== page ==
Thursday, December 16, 2010

Roasted Butternut Squash, Leek and Apple Soup

Roasted Butternut Squash, Leek and Apple Soup

It feels good to be back to making soups again.  Lately we've been living off of store-bought soups, and there are some pretty good ones out there nowadays, but nothing tastes better to me than homemade soup.

The items I had on hand were butternut squash, shitake mushrooms, ginger and leeks.  Later, I remembered I had a Granny Smith apple, too, and it added a beautiful note to this soup.

First, I roasted the butternut squash, tossed with a little olive oil and salt, at 400 degrees until soft, about 30 minutes.  This was two containers of pre-cut, pre-washed squash.  Lay them in a single layer.

Meanwhile, in a soup pot, I started to saute the mushrooms in a knob of butter.  Then, added a splash of olive oil to the pan to keep the butter from burning.

Leeks have to be washed thoroughly, due to the grit they have in their layers.  I like to slice the green tops and roots off , then slice the stalks longways, then across to create crescents.  Then, I put them in the salad spinner basket, and rinse them twice, at least, under cold water. Be sure to spin them dry before adding them to the pot.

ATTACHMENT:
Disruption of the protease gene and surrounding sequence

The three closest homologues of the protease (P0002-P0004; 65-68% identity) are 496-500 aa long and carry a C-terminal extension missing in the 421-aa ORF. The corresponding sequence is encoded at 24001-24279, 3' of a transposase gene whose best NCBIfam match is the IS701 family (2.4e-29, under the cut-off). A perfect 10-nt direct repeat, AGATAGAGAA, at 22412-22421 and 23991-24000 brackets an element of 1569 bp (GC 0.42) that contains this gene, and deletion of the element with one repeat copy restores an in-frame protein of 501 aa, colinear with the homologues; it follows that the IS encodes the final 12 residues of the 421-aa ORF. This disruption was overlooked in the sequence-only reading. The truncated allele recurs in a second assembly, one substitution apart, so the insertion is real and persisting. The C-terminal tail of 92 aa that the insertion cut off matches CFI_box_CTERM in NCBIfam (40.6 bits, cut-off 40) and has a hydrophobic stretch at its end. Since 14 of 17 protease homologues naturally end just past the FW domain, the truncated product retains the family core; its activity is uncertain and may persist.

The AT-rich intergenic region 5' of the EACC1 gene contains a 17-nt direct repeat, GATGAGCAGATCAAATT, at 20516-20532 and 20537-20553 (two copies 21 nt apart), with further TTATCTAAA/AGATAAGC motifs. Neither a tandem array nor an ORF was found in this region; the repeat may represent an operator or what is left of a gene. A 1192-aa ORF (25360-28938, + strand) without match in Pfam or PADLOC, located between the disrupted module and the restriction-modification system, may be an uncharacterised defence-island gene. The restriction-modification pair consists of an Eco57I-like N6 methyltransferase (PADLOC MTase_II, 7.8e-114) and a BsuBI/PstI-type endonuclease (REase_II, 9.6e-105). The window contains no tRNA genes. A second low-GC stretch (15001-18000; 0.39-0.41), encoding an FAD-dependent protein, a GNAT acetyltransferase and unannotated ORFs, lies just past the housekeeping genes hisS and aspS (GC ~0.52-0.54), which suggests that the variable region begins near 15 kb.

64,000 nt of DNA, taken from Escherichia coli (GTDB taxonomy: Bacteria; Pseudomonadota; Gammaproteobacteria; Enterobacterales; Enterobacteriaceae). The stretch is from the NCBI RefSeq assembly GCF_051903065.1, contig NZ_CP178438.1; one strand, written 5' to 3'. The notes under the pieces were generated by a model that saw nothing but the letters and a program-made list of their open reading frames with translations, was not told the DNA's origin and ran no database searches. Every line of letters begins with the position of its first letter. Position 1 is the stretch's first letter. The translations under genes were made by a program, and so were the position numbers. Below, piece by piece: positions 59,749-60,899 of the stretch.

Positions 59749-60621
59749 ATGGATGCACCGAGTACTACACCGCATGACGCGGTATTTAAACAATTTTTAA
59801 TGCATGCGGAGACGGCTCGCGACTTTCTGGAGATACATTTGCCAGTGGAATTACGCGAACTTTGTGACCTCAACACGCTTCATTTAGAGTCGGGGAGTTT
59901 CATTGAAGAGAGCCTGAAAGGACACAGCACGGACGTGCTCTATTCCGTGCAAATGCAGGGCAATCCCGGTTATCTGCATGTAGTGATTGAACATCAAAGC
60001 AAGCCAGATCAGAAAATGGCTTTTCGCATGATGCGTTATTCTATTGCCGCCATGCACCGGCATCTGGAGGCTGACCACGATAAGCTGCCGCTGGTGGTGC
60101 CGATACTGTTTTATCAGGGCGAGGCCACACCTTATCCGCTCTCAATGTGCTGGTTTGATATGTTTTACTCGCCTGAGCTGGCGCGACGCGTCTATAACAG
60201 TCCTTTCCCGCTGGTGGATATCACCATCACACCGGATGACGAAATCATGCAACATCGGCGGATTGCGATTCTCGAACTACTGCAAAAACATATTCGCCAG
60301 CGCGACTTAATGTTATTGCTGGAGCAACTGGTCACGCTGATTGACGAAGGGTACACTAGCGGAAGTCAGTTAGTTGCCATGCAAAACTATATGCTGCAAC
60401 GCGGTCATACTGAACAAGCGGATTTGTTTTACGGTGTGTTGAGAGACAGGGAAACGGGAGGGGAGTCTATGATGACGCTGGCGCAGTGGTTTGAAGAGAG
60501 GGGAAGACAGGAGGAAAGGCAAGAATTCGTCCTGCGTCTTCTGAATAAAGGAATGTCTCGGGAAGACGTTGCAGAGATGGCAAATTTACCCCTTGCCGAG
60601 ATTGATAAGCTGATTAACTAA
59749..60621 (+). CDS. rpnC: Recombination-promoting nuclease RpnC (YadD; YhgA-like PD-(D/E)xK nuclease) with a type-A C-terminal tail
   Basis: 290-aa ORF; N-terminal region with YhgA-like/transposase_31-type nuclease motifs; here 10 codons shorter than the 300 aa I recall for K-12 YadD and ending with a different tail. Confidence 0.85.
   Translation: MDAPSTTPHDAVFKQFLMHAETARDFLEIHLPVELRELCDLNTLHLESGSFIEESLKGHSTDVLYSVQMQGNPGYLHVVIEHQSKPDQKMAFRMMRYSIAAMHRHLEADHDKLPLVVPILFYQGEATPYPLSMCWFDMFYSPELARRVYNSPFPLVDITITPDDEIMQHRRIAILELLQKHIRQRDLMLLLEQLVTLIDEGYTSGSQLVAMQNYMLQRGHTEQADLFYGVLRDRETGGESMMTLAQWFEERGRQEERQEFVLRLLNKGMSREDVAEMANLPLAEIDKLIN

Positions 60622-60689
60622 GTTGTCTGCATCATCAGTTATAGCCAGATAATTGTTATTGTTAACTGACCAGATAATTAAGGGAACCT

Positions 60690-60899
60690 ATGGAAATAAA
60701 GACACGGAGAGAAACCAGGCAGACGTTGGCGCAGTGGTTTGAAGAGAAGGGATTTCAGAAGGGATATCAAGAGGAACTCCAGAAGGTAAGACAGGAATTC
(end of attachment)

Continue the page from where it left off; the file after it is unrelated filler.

While the mushrooms and leek cook down, I peeled, cored and chopped the apple.  And grated about a tablespoon of fresh ginger, and threw them into the pot.  Be sure to salt the veggies, lightly, along the way.

Next it was time to choose the seasonings.  Curry and butternut squash go well together, but I did not want the soup to be hot, so I chose Sweet Curry which is spicy and rich.  About 2 Tablespoons.

I often add coriander to add some mystery.  1/2 teaspoon.

And a little cumin for some earthiness.  It is a back note for the soup, like the mushrooms are, too. 1 teaspoon.

Coat the veggies with the spices, then add a large can of chicken broth.  If you want a thinner soup, you could add more liquid here.  Bring to a simmer.

Add the roasted butternut squash.  Cover and cook on medium-low for half hour.  Turn off the heat and cool slightly.


Add something to smooth it out into a creamy soup.  I like to use lowfat canned 2% milk, instead of cream or half' n'half, to keep it lighter in calories without sacrificing flavor.

For a garnish, I pulled out the cilantro from its refrigerator greenhouse -- it is still fresh in its second week I was pleasantly surprised to see-- you could use basil or parsley

and ladled it into a soup plate.  This is a thick and satisfying soup.  We had it for dinner with some crispy crackers.   Would have been good with a toasted Parmesan pita or brushetta, too.

Serves 6.  So, we had plenty leftover for lunch today.

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